This article was originally written in January 2016. It was imported to the new blog in 2018
Quick post to clear some misconceptions.
As we have seen from the previous article “Regulated Mods“, the Input Side is completely unaffected by the resistance of the coil. This basically means that if the power setting remains unchanged, battery life will not be affected by the coil resistance. This is because the power signal is converted in the Output Side to match the resistance of the coil. The Input side remains unchanged.
We will use the same example as the previous article to demonstrate this: A DNA40 configured for 20W. The example is a bit redundant, but simply shows that no matter what coil is installed on the mod, the power input remains the same.
From our previous article, we concluded that at 20W the DNA40 will actually need to pull 21.28W from the battery, with a current draw between 5.07A and 6.86A depending on the voltage coming from the battery.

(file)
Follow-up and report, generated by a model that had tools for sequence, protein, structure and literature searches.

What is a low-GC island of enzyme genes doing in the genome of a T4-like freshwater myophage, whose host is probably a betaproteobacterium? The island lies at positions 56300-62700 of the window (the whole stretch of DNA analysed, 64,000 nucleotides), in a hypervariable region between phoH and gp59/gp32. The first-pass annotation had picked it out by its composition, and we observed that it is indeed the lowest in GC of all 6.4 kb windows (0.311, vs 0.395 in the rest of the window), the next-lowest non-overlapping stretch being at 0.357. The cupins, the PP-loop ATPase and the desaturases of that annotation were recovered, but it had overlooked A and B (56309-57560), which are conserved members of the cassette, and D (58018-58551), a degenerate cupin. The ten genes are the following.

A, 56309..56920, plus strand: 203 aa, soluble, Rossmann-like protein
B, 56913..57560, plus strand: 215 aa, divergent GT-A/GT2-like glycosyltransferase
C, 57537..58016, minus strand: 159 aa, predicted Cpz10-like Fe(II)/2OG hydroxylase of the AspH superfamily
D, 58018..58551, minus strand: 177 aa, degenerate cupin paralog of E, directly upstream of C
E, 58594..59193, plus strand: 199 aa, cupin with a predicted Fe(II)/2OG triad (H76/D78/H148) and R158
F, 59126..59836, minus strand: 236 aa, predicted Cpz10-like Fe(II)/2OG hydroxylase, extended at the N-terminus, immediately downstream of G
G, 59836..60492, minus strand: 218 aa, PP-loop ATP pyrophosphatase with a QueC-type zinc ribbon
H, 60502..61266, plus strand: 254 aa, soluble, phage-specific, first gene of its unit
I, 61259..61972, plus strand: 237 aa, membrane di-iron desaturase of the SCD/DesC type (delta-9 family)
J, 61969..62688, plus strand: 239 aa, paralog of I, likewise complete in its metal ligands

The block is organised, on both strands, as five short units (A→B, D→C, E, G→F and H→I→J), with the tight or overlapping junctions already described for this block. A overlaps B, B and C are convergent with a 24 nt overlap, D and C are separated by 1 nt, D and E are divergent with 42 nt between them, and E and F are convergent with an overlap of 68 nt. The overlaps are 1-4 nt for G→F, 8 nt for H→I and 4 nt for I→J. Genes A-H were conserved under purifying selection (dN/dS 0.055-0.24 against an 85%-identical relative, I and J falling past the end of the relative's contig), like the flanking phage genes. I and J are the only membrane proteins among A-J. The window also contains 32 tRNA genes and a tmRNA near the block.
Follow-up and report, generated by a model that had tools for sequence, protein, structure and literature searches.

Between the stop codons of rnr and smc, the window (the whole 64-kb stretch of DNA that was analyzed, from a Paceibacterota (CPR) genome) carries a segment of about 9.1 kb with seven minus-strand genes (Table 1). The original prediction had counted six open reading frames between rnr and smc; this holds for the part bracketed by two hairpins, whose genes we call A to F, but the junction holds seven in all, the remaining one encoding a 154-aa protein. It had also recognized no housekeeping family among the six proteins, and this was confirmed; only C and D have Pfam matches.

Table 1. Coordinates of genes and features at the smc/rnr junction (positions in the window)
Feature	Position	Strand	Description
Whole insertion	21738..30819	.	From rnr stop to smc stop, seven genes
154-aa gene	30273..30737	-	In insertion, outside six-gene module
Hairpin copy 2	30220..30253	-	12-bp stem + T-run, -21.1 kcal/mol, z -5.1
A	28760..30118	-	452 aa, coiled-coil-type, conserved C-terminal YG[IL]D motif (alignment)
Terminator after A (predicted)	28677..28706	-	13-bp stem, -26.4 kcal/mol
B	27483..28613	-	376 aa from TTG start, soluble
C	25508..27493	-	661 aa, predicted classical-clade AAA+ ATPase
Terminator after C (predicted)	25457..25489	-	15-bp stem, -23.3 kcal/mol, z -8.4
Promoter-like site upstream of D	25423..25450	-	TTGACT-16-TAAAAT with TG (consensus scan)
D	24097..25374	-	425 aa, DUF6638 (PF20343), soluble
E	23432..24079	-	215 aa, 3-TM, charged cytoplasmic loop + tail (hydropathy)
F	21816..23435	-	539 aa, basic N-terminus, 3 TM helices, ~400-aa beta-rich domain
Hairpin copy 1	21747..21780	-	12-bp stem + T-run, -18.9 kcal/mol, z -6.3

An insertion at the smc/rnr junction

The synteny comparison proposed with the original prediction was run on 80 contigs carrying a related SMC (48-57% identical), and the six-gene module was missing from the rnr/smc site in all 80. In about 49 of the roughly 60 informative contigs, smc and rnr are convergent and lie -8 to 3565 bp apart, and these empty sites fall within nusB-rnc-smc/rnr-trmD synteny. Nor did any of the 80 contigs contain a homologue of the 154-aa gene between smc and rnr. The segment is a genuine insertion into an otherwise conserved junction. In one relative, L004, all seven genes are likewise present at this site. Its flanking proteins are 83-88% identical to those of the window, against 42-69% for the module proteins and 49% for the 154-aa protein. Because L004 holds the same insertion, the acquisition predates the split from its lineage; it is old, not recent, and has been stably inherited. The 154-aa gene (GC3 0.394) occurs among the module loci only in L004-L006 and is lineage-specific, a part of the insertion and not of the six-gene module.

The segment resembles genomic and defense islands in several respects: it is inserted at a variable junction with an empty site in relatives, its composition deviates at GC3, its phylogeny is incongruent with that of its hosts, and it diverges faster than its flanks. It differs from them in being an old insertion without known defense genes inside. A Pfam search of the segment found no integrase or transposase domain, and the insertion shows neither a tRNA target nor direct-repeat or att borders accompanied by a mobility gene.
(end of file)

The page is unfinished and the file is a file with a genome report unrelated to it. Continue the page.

The controller has grabbed 21.28W from the battery, and now wants to send 20W to the coil.
If our device has a 0.2 Ohm coil,the controller will send:
Current = √ (20/0.2) = 10A
Voltage = √ (20*0.2) = 4V
If our device has a 1 Ohm coil,the controller will send:
Current = √ (20/1) = 4.47A
Voltage = √ (20*1) = 4.47V
If our device has a 2 Ohm coil,the controller will send:
Current = √ (20/2) = 3.16A
Voltage = √ (20*2) = 6.3V
If our device has a 3 Ohm coil,the controller will send:
Current = √ (20/3) = 2.58A
Voltage = √ (20*3) = 7.74V
As you can see, coil resistance played no role on the input side. Only the output side was adjusted to provide the power to the coil.